September 2016 Issue: Eyes in the sky: Mapping disasters

In this issue:

26 DESIGN NOTES: Eyes in the sky: Mapping disasters
60 MOTION CONTROL: Motor manufacturers design motors for food and beverage applications that dramatically improve safety.
78 LINEAR MOTION: Linear motors compete with technologies that output high forces.
114 FASTENING & JOINING: Surface mount spacers simplify installation.


 

Will shifting job roles make manufacturers better or worse?

Paul Heney

People older than a certain age like to talk about how their parents (well, in most cases, their fathers) worked their entire career at the same company. There’s something nostalgic about that vision of yesteryear, and there’s an implication that it was better than the current world of business, where many people seem to come and go and flit from job to job. (Not to mention all the others who are downsized through no choice of their own.)

Earlier this year, Mark Thompson, Decision Processes International, spoke to the attendees of the National Fluid Power Association’s Annual Conference about the next generation of leaders. He talked about the challenge we face in working with Millennials, because they operate in a circle. Their lives and their career paths will not be linear like earlier generations who went to school, got married, had kids, worked at one job, retired. They’re most comfortable with making stops
at various jobs; it’s simply a point on a journey. And given that turnover costs are estimated at $20,000 to $40,000 per employee for many companies, this is not small change—it’s of major consequence to how businesses are run.

What does this mean for American manufacturers? In some industries, there has already been somewhat of a brain drain, as employees with 40+ years of service retire, taking with them an incalculable amount of specific engineering process knowledge. I know of places where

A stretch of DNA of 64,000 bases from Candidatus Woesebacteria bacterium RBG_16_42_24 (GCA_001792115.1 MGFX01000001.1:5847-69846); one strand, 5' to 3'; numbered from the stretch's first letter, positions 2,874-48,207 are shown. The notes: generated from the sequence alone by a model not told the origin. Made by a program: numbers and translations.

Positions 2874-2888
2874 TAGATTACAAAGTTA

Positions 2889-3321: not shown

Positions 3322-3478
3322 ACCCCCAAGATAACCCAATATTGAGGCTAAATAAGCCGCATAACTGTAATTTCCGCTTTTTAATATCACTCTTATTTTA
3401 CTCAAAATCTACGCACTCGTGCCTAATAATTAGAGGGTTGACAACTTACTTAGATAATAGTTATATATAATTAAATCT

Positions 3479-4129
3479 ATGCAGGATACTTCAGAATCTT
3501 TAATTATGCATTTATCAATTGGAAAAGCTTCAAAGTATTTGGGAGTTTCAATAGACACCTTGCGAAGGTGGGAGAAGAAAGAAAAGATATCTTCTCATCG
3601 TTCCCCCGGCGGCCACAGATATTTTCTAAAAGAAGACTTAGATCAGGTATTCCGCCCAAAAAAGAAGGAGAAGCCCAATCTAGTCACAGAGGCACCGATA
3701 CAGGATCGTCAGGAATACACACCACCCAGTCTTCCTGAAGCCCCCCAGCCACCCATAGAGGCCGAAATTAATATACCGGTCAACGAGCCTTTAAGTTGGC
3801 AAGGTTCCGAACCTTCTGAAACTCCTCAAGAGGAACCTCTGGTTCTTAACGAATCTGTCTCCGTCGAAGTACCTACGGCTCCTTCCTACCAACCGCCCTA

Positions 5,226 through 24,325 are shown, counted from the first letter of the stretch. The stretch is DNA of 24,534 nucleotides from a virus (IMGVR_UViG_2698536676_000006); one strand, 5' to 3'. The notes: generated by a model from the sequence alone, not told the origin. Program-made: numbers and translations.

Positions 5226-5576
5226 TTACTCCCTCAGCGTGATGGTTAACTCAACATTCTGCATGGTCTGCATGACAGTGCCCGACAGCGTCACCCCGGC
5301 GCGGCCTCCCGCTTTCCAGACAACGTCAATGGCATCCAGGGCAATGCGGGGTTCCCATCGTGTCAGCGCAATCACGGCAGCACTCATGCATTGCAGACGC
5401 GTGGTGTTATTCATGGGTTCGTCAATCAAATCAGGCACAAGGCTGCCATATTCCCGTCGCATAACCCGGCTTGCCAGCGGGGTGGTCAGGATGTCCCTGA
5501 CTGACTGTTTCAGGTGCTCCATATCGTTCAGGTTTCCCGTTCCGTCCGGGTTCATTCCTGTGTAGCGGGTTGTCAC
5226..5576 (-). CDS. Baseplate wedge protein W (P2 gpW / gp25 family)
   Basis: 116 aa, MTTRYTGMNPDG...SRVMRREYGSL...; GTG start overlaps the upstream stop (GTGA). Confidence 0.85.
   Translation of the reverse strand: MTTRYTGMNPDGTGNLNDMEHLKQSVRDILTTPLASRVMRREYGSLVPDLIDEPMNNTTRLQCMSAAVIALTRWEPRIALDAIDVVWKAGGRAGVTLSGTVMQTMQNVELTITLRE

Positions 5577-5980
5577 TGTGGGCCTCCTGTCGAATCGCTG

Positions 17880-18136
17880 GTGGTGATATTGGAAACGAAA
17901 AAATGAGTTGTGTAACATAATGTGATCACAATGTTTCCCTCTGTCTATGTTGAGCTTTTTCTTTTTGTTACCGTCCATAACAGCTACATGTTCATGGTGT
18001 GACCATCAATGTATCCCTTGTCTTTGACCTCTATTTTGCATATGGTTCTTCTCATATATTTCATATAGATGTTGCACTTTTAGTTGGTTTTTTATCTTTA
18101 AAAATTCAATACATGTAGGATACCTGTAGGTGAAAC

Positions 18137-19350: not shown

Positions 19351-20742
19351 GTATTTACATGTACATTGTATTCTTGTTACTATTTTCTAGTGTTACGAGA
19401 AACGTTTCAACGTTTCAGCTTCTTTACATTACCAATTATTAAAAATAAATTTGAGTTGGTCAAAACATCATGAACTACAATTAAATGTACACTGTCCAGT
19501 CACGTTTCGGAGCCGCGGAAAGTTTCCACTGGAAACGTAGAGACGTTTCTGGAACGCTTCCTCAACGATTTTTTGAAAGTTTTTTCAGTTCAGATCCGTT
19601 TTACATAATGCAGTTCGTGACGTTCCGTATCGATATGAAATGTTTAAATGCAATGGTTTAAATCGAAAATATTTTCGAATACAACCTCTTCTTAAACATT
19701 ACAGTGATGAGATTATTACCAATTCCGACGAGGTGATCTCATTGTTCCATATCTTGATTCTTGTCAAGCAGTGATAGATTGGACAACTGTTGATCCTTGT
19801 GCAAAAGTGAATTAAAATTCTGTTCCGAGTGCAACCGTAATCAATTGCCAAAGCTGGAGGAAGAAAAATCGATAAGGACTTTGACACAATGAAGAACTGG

handwritten manuals from former workers are guarded like diamonds, as engineers try to keep that practical design and troubleshooting knowledge from being lost.

There’s no easy answer, but I think the newer Millennial workers can help—and must be engaged—on a couple of levels.

First, more established workers must be open to the new ideas and creative energy that Millennials bring. So many processes are done in a certain way because they’ve always been done that way. Younger engineers, who’ve never known anything but the wonders of the Internet, 3D printing, and small ubiquitous sensors, may be able to help rethink manufacturing steps that could surely use a refresh.

And second, why not bring Millennials into the task of archiving each company’s most important processes? According to Thompson, they crave being given opportunities in new companies and helping to participate, to develop strategy. Explain to them why keeping this consolidated knowledge alive is so critical for maintenance and to troubleshoot existing equipment and systems. Ask for their help in finding a way to keep it alive. Maybe it’s as simple as conducting interviews with the most senior level engineers and having them transcribed. Put the documents on a searchable system in the company Intranet. Every manufacturing operation will have different needs and solutions, but complaining about how different the newest generation is will get us
nowhere. Engaging the youngest professionals to work with the most experienced ones has to be the way that we go forward and stay competitive.

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